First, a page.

06 Oct 10. Your CEO Must Be Your Number 1 Fundraiser
A foundation agreed to underwrite a pre-campaign study for a college and asked us to call the president and chat about our capital campaign services. I called and got the president’s voicemail message saying he was out of the office on donor visits. My next attempt also failed because the president once again was making donor visits. When we finally caught up, I commended him on his performance, he merely stated, “I was just out doing my job.” I loved it. Remember the fundraising adage, “See the people. See the people. See the people. And see what God will do!” Prior to a campaign, this president was out in the field calling on donors, building, and enhancing relationships.
If you are the CEO, president, executive director, or head of school, you must become the number one fundraiser in your organization. Major donors want to talk with the boss. The larger the gift requests, the more you need to be involved. Major donors ask major questions, which is how they got to be major donors. Your major donors, foundation directors, and business owners who will potentially contribute to your capital campaign want answers about your outcomes and to hear your vision for the future. They want to sit across the table, look you in the eye, and decide, “Do I trust this person will do what they say they plan to do?” Major donors make their giving decisions based on their confidence in your leadership.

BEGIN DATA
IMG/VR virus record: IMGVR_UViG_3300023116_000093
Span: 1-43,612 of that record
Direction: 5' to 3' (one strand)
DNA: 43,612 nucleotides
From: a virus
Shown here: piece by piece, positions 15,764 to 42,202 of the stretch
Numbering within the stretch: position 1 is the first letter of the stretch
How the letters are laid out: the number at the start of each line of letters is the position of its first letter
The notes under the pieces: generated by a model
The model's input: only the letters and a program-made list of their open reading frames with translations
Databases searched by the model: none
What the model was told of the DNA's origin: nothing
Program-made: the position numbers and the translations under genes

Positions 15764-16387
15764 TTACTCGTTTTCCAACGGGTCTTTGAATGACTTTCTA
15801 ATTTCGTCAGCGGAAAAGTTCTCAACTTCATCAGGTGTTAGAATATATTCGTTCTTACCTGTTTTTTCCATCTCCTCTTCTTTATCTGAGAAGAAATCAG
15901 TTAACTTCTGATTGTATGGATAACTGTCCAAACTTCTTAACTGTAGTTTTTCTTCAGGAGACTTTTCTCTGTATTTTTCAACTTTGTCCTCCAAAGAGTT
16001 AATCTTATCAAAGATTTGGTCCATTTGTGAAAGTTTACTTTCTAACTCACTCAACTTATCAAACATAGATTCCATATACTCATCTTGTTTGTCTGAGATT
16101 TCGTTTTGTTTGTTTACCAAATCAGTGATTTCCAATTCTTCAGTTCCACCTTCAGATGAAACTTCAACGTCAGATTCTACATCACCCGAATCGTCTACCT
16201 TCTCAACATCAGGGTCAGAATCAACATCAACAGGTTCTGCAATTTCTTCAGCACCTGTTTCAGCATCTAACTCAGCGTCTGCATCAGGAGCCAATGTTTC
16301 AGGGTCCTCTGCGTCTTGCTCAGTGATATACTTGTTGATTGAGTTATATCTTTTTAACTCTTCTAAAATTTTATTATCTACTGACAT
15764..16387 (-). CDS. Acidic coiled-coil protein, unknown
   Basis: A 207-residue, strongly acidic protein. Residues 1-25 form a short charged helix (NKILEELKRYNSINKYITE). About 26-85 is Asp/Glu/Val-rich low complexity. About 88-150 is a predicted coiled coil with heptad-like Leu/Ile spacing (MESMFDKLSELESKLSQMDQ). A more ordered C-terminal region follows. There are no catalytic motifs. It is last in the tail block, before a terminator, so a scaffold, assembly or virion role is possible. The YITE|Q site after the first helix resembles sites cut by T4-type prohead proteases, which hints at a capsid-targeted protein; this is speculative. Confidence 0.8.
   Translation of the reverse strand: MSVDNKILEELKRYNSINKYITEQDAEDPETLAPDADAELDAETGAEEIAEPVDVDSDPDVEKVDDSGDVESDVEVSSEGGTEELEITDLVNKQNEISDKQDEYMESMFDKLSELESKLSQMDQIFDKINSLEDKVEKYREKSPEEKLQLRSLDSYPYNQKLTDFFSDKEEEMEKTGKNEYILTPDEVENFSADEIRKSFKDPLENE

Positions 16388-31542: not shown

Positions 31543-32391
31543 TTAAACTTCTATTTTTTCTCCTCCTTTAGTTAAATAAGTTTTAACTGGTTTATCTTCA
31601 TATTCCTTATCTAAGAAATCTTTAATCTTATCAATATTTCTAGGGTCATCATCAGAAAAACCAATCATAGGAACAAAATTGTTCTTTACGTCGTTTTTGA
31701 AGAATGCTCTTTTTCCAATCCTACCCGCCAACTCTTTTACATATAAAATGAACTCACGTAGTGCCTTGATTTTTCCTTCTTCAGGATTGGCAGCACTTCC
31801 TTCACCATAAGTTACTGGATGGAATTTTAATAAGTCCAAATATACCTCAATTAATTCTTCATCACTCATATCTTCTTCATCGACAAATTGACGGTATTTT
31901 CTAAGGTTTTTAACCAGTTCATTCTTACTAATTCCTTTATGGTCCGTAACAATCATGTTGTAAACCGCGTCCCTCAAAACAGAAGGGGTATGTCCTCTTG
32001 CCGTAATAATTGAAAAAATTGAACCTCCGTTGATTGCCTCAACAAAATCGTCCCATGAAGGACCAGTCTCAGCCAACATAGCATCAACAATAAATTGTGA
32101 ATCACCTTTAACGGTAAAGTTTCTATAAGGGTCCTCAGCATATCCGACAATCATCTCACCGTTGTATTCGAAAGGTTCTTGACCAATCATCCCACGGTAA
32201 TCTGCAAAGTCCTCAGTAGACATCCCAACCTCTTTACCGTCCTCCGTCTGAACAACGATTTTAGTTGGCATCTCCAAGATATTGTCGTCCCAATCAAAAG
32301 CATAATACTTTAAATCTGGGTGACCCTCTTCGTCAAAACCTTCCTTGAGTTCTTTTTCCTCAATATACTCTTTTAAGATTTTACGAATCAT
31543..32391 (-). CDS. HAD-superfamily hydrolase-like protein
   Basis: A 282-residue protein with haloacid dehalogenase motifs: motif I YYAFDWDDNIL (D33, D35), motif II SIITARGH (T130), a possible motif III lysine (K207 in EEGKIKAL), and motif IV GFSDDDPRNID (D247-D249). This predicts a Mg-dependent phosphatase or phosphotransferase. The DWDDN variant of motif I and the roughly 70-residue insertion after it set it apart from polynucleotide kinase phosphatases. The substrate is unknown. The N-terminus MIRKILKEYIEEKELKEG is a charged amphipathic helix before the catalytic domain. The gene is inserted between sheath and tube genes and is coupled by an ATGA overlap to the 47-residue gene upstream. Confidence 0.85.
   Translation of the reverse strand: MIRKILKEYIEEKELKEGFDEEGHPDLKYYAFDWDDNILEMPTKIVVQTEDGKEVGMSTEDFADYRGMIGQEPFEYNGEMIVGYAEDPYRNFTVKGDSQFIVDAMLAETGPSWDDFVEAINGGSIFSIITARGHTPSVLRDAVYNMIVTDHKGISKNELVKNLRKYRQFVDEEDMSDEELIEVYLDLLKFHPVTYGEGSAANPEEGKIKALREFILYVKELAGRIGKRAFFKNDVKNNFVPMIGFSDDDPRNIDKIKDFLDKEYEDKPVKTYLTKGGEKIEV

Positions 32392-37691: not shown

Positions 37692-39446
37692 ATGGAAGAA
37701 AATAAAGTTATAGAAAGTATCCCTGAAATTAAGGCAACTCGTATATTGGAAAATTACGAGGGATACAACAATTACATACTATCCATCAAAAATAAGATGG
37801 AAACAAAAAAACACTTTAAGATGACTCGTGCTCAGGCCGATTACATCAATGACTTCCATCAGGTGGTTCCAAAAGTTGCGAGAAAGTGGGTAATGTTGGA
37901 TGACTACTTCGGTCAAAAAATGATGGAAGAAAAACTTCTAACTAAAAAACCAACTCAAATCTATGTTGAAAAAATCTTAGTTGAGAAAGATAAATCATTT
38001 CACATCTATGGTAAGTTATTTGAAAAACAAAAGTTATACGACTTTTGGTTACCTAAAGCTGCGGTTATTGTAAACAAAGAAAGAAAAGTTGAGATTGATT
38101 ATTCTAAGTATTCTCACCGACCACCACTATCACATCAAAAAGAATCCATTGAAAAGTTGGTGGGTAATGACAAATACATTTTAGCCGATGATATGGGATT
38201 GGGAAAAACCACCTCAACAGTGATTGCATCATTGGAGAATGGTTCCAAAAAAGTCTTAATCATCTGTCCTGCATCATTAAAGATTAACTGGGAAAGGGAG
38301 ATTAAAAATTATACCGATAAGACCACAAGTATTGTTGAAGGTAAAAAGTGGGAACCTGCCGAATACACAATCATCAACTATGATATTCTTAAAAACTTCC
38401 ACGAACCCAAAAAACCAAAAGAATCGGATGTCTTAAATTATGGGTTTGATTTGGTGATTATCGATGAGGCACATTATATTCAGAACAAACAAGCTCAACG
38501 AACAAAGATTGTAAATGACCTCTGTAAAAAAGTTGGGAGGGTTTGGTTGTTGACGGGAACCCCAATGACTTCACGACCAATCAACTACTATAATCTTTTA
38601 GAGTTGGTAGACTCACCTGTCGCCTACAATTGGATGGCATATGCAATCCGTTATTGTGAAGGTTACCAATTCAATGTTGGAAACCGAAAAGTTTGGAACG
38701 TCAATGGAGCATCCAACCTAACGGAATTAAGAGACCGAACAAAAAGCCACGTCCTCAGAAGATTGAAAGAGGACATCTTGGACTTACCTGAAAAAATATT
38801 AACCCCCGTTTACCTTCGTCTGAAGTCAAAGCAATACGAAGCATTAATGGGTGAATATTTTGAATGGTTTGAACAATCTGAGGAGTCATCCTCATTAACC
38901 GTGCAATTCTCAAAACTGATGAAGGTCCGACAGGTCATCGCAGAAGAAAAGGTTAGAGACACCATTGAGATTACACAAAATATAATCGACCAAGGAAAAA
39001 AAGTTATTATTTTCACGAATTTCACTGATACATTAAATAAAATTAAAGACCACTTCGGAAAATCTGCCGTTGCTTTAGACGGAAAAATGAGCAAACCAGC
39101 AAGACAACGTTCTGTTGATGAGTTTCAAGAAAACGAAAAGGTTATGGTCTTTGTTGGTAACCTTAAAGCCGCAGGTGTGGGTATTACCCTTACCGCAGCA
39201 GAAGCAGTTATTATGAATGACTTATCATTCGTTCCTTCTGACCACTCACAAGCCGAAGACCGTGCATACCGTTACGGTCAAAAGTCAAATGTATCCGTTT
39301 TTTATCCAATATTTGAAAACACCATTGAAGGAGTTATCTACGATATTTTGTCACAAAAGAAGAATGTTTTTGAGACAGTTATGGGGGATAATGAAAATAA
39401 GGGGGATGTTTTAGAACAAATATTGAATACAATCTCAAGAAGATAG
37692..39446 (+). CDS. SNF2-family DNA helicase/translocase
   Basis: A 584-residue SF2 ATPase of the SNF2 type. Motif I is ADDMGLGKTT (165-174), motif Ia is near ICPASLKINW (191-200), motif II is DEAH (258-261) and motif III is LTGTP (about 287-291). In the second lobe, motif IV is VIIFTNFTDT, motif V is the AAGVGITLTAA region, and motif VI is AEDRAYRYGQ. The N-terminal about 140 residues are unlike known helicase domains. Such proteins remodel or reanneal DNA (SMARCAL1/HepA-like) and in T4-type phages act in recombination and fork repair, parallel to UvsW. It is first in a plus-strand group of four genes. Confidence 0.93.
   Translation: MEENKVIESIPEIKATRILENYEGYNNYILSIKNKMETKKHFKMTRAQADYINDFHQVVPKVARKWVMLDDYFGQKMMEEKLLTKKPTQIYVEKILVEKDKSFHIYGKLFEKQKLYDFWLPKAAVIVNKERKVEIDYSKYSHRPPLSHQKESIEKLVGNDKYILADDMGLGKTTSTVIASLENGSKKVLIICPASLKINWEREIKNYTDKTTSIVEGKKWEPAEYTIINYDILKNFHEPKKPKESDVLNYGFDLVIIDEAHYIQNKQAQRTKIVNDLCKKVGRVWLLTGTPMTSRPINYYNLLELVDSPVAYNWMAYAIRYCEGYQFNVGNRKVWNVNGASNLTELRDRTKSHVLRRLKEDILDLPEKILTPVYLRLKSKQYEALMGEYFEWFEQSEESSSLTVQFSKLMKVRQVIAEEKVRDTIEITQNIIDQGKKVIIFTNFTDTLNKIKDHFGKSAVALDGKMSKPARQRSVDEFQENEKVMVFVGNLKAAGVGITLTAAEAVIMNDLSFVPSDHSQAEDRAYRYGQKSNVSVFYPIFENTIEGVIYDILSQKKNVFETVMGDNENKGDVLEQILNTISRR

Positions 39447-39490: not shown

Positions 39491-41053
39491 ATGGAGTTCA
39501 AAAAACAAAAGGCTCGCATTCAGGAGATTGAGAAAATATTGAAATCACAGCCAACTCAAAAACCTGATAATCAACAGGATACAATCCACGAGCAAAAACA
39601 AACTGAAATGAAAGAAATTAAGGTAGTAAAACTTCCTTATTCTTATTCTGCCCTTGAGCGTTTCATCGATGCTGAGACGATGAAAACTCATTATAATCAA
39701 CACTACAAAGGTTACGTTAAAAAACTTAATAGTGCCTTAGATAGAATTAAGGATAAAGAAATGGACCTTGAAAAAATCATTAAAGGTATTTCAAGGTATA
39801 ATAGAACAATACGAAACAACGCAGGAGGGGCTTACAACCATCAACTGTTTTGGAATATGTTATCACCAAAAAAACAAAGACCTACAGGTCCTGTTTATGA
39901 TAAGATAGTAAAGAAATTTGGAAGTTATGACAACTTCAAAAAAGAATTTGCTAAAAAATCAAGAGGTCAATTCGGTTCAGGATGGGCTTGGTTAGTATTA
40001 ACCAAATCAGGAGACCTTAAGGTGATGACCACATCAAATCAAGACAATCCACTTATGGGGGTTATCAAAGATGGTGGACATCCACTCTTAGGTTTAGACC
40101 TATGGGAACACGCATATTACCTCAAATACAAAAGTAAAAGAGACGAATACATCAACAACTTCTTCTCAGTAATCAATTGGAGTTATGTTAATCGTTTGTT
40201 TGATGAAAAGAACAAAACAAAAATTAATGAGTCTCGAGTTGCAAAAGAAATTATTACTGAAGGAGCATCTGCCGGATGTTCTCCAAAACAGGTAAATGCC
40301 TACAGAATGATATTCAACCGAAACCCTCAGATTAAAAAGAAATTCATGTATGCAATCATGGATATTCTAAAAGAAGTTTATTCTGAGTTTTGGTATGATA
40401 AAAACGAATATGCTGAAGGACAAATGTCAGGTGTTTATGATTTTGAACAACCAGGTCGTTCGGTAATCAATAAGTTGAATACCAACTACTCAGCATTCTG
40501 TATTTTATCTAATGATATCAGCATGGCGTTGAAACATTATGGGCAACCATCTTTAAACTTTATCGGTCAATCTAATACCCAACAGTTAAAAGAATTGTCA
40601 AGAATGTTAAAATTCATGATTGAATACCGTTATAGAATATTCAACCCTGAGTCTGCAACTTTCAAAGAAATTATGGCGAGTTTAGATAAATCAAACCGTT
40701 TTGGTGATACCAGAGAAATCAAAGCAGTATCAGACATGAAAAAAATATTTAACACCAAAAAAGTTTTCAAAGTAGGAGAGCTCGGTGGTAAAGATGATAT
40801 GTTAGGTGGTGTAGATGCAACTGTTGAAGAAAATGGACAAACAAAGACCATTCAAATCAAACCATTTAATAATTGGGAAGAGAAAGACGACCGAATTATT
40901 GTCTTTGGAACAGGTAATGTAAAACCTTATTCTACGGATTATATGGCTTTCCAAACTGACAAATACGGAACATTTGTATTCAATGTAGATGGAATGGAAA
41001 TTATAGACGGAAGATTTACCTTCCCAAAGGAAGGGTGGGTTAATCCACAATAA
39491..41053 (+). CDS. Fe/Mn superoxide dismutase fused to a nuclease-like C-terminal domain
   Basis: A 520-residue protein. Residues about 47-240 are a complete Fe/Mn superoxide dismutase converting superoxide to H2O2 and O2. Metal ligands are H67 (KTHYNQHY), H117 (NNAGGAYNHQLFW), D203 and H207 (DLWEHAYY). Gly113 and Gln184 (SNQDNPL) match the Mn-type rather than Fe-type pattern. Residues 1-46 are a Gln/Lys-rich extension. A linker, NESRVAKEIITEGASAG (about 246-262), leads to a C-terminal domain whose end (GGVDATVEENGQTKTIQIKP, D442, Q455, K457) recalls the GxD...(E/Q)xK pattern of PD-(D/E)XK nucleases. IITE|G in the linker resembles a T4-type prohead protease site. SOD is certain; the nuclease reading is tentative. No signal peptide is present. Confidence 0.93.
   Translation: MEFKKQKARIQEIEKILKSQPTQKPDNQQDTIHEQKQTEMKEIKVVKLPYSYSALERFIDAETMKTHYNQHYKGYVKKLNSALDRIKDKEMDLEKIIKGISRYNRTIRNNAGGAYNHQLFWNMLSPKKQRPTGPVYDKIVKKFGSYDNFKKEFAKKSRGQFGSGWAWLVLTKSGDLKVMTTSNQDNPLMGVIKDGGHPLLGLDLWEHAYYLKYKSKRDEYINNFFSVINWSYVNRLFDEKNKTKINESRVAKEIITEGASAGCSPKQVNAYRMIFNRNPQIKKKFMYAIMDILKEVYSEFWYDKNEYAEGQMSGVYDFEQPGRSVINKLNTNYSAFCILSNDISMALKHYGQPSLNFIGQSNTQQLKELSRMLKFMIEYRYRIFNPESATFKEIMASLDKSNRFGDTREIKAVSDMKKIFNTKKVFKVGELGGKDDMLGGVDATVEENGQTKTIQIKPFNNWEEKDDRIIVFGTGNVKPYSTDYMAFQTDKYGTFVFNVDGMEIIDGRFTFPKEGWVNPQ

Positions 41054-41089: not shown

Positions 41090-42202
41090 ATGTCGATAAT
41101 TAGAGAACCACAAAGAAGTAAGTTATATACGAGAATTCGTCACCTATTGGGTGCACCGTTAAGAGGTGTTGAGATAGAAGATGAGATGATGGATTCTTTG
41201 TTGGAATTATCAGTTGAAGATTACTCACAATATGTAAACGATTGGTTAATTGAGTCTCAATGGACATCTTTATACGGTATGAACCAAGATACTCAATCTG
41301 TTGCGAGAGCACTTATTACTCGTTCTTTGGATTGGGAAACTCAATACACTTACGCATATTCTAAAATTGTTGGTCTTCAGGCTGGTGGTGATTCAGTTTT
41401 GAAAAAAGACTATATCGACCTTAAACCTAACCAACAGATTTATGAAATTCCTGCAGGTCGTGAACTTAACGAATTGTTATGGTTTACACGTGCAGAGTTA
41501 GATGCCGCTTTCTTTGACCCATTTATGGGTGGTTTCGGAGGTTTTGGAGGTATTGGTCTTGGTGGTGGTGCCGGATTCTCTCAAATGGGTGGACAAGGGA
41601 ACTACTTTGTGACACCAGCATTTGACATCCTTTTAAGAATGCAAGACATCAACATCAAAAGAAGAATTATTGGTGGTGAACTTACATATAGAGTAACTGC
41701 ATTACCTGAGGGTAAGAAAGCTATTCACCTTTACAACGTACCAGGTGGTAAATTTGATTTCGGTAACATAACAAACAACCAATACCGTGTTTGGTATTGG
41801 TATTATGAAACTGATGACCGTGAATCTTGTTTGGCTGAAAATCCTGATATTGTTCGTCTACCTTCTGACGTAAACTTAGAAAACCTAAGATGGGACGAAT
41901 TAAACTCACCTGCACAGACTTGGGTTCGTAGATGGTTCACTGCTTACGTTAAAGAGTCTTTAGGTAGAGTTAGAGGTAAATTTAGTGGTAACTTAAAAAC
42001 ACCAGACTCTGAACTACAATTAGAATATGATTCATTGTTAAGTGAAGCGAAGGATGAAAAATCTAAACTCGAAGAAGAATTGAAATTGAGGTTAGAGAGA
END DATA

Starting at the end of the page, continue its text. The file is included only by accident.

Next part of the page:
One of the first things Bill did as new head of school was to have lunch with John, the former head of school. They talked about the school’s history, challenges and opportunities, and John’s opinion about where the school was and where it could go. John wished Bill well and offered to help any way he could. Bill responded, “John, the greatest help you could give me would be to introduce me to all the former board members.” John was surprised, but Bill was serious. So, John diligently scheduled breakfast, lunch, and coffee with twenty-seven former board members over the next six weeks. Those conversations started some key relationships with major donors who eventually supported the next capital campaign.
When major donors ask tough questions, they expect answers. Most CEO’s must be involved in the four R’s of your advancement plan: Constituent relations; public relations (branding); student or volunteer recruitment, and fundraising. Your leadership in these areas will encourage your entire organization and set you on course for a conundrum-free campaign.
About the Author: Pat McLaughlin President/Founder – Pat started The Timothy Group in 1990 to serve Christian ministries as they raise money to advance their missions. TTG has assisted more 1,800 Christian organizations around the world with capital, annual, and endowment campaigns. More than 25,000 of Pat’s books, Major Donor Game Plan, The C Factor: The Common Cure for your Capital Campaign Conundrums, and Haggai & Friends have helped fundraisers understand the art and science of major donor engagement. Pat makes more than one hundred major donor visits annually and provides counsel to multiple capital campaigns.